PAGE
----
Dimensions: 142.1 m long x 15.9 m wide x 5 m draft.
Propulsion -1 propeller, 2 TE 4-cylinder engines, 16 boilers.
Speed: 18 knots max.
Crew, passengers: 280
S.S. Canada (1896)
Built at Harland and Wolff in 1896, the SS Canada was commissioned by the Dominion Line to connect with Montreal and Boston. He served as a troop carrier during the Boer War, and after his 1910 reshuffle again began to convoy troops in 1914-18, before being demolished in 1926. He was judged at the time as the most beautiful ship ever to sail on the Saint Laurent.
Displacement: 6800 tons light
Dimensions: 142m long x 16.2m wide x 4.8m draft.
Propulsion -1 propeller, 2 TE 4-cylinder engines, 16 boilers.
Speed: 19 knots max.
S.S. President Grant (1907)
The British Wilson & Furness-Leyland Line could not receive in 1904 the two beautiful ships built at Harland & Wolff in Belfast, they were resold three years after their completion at the Hamburg-America Line. President Grant and President Lincoln were typical of this generation of cargo ships, betrayed by their numerous cargo tows and their singular superstructures designed to multiply the hatches. Both were seized in New York in 1914, with President Lincoln serving as a troop carrier who died under a torpedo in 1918, and the other was exploited until 1951, a fine career for such a ship, but which also shows legendary strength. ships from the famous Belfast shipyards.
Displacement: 6500 light tons, 8000 t PC.
Dimensions: 152.5 m long x 17.7 m wide x 5.6 m draft.
Propulsion -2 propellers, 2 TE 4-cylinder engines,? boilers.
Speed: 20 knots max.
Crew, passengers:? – 1020 (including 800 emigrants).
S.S. France (1912)
The Penhoët shipyards of Saint-Nazaire have a long-standing relationship with the CGT (Transatlantic General Company). They produced for her marvelous wonders, able to confront the biggest companies of the world including at the time the unavoidable White Star Line, P & O and Cunard. This luxurious transatlantic boat, launched in 1912, the largest produced by the shipyards, could be measured against Mauretania and Lusitania.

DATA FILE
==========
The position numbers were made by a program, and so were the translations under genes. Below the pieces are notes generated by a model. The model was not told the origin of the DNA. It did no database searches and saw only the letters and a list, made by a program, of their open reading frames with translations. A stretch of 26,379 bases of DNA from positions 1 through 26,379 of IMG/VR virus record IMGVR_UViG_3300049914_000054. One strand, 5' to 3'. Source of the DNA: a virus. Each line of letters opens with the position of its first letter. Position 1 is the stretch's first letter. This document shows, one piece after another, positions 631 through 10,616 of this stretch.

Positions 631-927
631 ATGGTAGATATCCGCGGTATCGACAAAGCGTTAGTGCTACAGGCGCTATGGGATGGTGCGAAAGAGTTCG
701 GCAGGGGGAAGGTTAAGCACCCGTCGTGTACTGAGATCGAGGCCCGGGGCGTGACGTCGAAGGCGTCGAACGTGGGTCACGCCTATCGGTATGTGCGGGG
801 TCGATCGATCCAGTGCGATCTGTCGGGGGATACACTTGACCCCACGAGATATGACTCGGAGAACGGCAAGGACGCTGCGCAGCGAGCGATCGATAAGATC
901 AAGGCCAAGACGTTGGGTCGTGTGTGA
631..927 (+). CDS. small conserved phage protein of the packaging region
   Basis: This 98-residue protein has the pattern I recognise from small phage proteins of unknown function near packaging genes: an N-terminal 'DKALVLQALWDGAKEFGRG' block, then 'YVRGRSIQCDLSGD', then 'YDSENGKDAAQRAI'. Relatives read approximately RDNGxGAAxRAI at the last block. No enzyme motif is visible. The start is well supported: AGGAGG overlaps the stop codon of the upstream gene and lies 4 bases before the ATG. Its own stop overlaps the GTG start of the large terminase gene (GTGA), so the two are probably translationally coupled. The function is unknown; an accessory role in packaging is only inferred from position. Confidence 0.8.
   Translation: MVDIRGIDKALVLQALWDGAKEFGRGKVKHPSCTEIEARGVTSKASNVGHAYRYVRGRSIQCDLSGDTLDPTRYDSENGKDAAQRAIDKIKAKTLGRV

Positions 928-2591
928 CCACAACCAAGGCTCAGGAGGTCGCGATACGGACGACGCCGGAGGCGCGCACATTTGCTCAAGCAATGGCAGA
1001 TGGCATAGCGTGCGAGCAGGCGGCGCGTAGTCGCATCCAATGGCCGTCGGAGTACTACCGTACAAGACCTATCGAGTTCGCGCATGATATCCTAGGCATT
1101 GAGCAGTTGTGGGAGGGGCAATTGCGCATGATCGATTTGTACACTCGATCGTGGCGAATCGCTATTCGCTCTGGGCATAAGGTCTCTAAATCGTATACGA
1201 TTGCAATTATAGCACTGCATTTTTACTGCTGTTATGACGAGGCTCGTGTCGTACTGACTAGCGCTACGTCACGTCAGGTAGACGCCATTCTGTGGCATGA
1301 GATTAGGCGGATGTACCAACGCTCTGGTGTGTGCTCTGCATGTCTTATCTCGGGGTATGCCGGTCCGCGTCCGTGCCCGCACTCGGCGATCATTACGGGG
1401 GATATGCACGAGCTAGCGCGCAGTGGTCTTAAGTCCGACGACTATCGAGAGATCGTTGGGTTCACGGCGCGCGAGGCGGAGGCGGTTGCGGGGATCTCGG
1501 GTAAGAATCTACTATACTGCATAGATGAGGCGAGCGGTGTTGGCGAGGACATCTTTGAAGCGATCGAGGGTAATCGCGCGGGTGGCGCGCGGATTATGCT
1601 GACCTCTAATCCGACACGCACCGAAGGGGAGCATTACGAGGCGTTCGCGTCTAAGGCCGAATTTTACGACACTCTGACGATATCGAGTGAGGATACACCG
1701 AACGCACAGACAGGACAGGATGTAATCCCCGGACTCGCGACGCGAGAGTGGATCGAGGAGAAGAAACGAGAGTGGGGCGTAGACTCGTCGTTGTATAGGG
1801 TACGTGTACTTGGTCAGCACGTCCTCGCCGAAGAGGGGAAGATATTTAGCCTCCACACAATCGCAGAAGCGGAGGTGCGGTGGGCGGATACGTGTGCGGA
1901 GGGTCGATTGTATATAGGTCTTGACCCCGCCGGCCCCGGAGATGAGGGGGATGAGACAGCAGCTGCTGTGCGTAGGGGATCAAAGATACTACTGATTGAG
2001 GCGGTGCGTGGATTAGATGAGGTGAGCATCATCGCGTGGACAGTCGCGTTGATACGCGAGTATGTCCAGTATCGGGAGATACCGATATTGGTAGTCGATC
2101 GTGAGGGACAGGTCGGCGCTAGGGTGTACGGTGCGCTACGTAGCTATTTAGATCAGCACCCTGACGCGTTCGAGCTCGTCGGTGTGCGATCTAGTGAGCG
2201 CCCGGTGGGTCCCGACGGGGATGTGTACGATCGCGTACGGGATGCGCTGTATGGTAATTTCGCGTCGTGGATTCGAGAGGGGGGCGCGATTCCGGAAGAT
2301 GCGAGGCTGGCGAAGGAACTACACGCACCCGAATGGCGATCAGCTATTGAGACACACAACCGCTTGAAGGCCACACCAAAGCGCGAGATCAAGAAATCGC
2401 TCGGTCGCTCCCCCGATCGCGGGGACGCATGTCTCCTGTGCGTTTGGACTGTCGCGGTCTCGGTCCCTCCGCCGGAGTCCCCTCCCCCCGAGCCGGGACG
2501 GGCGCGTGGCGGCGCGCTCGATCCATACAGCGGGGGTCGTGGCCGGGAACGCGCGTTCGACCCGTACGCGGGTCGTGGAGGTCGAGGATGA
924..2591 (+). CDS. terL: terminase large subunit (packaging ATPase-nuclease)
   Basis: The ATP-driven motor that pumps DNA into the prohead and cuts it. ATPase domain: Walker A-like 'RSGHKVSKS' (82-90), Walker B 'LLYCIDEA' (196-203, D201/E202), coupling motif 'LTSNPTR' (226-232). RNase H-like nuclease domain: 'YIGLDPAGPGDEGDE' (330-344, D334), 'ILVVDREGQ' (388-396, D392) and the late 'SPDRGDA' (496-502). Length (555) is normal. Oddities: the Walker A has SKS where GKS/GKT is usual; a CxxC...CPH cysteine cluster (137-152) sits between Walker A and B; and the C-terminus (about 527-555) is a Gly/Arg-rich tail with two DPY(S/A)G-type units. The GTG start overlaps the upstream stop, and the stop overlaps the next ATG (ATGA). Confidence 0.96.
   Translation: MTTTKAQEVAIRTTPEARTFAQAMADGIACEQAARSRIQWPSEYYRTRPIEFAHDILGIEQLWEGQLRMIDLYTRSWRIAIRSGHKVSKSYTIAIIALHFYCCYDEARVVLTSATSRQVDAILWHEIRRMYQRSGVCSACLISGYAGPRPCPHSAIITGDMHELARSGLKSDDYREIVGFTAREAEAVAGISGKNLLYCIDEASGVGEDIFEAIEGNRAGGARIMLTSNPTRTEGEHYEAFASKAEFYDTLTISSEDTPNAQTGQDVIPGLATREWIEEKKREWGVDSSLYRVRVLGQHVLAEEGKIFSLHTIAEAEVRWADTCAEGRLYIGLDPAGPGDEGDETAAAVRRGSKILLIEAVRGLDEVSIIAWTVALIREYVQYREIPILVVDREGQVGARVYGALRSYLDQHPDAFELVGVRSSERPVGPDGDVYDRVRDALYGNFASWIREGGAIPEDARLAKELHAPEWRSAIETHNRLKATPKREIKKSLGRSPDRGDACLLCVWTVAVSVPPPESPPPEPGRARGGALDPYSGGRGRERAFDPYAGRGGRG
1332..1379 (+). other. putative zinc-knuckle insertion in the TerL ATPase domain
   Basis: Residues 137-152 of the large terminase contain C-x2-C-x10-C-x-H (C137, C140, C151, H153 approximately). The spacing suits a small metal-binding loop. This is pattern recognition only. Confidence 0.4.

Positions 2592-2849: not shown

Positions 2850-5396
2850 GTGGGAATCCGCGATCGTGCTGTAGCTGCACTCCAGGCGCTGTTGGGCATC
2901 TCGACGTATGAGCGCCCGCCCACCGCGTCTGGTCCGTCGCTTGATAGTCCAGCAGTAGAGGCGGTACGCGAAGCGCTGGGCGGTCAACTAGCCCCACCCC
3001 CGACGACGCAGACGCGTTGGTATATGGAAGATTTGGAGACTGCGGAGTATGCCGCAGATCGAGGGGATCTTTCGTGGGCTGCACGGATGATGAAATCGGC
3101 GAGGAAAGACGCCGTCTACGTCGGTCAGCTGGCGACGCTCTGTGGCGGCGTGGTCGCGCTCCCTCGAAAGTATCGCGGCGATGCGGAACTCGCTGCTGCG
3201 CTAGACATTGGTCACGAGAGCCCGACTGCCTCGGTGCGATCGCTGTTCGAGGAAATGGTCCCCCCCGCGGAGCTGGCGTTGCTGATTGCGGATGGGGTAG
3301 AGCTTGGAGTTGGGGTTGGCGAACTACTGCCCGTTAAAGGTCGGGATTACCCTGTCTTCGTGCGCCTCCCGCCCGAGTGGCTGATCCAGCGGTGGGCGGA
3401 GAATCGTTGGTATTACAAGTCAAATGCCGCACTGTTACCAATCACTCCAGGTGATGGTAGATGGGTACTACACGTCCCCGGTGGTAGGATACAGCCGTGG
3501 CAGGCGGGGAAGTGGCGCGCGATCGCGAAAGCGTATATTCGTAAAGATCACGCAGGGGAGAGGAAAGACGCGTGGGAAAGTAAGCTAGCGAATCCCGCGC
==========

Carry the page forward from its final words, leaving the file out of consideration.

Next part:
In 1914-18, he was successively auxiliary cruiser, hospital ship and troop transport. It was rebuilt in 1923, passing oil, and demolished in 1935. It was quickly eclipsed by the sublime Normandy, and its name was taken up by the last great liner of tradition, launched in 1962.
Travel: 46,332 tonnes GRT (52,310 TPC)
Dimensions: 269.10 m long x 28.2 m wide x 9 m draft (air draft 53 meters).
Propulsion -3 propellers, 2 TE 4-cylinder engines, 29 boilers, 30,000 hp.
Speed: 22 knots cruising, 25 knots max.
Crew, passengers: 900 – 1/2 / 3rd class: 905, 564, 1134
S.S. Homeric (1921)
This liner had a very original destiny: Started just before the war by Schichau of Danzig for the North Deutscher Lloyd, it remained unfinished during the war and the armistice, was transferred to the British government who sold it to the White Star Line , responsible for its completion. It was the largest ship in the world with two propellers.
It was not until 1922 that he sailed for his maiden voyage on the transatlantic line. However in 1923, he was driven to Harland and Wolff to be converted to heating oil. From 1932 he was removed from the transatlantic line and became a cruise ship. He left to scrap in 1936, after only 15 years of service. He embarked 2866 passengers.
Displacement: 23 600 t PC
Dimensions: 217 x 23 x 8 m.
Propulsion -2 propellers, 2 TE 4-cylinder engines, 16 boilers, 12,000 hp.
Speed: 23 knots max.
Crew, passengers: 600 – 1826 (including 800 immigrants).
S.S. Empress of Britain (1932)
Chartered by the Canadian Pacific, this large steamer (231.8 meters by 29.6) and weighing 42 350 tons was built by John Brown Shipyard of Clydebank and launched in 1931. It was specially designed for the Atlantic line, taking the blue ribbon in Bremen. But his maiden voyage did not take place to New York but to Quebec.
He was significantly faster on this line than his competitors. However he was also one of the first cruise liner, a new fashion, launched by the Jet-set of the Roaring Twenties. As such, it could work with half of its powertrain. He embarked 1195 passengers including 460 first class, and mobilized in 1939 and assigned to transport Canadian troops, he was torpedoed by a German submarine, then towed by a destroyer, poured for good by the torpedoes of another submarine. Fortunately, her embarked troops had evacuated her.
Displacement: 34 350t PC
Dimensions: 236 x 25 x 6.8 m.
Propulsion -2 propellers, 2 TE 4-cylinder engines, 16 boilers, 6000 hp.
Speed: 23 knots max.
Crew, passengers: 500 – 2886.